“Hi, teacher, thanks for contacting us. How much is your salary expectation?” the interviewer asked me.
“Twenty dollars an hour; that’s the amount I used to get when I was in Hanoi teaching at a nursery and kindergarten school,” I answered.
“Okay, we’ll get back to you to discuss this teaching opportunity soon!”
“Thanks! Looking forward to working with you!”
He sounded enthusiastic, perhaps thinking that he could finally find someone to teach at his academy. A few moments later, he sent me another message.
“Excuse me, teacher, where are you from?“
“I’m from the Philippines.“
He never replied to me.
I wasn’t bothered by the fact that he didn’t get back to me.No, I didn’t feel bad that he didn’t pursue to interview me or hire me to teach at his academy. I just never stopped wondering why employers would hire only native speakers and not someone from Asia or someone from a non-native speaking country.
Personally, it’s not the first time I was rejected by an employer. Even online, once they learn that I’m from a non-native speaker country, they instantly reject my application.
All my qualifications such as an experience of five years in teaching English and a 120-hour online TESOL Certificate don’t count simply because I’m a non-native speaker. Funny thing is, I’m from a country where English is frequently spoken.
Working as a freelancer, I try to get as many gigs as I can. Although I have an online job for more than 5 years now, I want to have another part time job, either offline or online.
In Hanoi where English teachers are most in demand, the competition is undoubtedly high.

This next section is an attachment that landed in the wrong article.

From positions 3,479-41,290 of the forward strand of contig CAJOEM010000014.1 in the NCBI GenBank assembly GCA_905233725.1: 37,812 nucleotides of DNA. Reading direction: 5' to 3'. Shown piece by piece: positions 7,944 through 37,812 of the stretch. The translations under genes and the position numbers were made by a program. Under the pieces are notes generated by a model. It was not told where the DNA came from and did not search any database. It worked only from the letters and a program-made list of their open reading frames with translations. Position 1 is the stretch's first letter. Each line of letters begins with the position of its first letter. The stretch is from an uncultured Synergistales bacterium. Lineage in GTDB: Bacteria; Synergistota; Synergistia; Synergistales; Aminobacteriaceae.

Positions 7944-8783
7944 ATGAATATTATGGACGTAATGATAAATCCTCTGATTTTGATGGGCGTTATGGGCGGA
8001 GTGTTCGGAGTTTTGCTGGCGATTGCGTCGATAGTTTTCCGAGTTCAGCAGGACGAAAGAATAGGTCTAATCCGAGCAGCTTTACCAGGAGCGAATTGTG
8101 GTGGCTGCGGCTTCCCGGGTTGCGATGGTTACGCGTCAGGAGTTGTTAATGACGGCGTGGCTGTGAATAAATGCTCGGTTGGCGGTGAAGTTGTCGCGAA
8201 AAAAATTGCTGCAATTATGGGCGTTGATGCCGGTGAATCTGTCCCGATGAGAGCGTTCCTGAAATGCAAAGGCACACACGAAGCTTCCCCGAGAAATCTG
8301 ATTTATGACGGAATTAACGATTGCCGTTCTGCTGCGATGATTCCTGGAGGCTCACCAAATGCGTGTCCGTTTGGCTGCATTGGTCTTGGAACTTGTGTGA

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Despite numerous reasons for not wanting to come back in a city I'm not a big fan of, I had nevertheless one major reason to stay. And that reason is enough for me to live by. Sometimes, all we need is one ☝️ but powerful decision to live our lives. Teaching in Hanoi, or at least doing cover teaching is worth it, it's just that, it's undoubtedly competitive. Regardless, believe in yourself. ❤️❄️🇻🇳❄️ . . . #travel #hanoi #iamtb #wanderer #wanderlust #travelbug #instagram #instadaily #englishcenter #photooftheday #travelblogger #travelwriter #escapesanddiaries #passionpassport #globetrotter #glt #gltlove #winter #english #englishteaching #oldquarter #wheninhanoi #coverteaching #coverteacher #competitive #tripmaximizer
You can opt for full time or part-time. You can also cover for other teachers. All you have to do is join Facebook groups for hiring English teachers.
For example, when you search Hanoi Massive English Jobs on Facebook, the group will automatically pop up. And you can decide if you want to join the group. I must warn you again, though, competition with native speakers is unbelievable and I will not lie about that.
You’ll get multiple rejections if you’re a non-native speaker, but as long as you’re passionate about this job, for sure, you’ll get an opportunity. Keep searching for that teaching job you really want regardless of your nationality. And to be more realistic, prepare your documents if you really want to stay longer and motivated. For instance, prepare your visa, passport, diploma, certificates, and other related documents.
Just be extra careful about the recruiters who promise to give you high salary and bring you to the countryside. Sometimes, they’re scam.
And here’s another example of rejection from one of my non native friends, Kate Flores who also teaches English abroad!
Despite the countless rejections I/we received, we’re still glad that we have a job. And I know, more opportunities are coming my way.
Remember: Being a non-native English speaker and the rejections you receive are not hindrances to do the things you’re passionate about. Just know your worth and keep moving forward.
Want to know more about how to get a teaching job abroad? Stay tuned! Posting soon!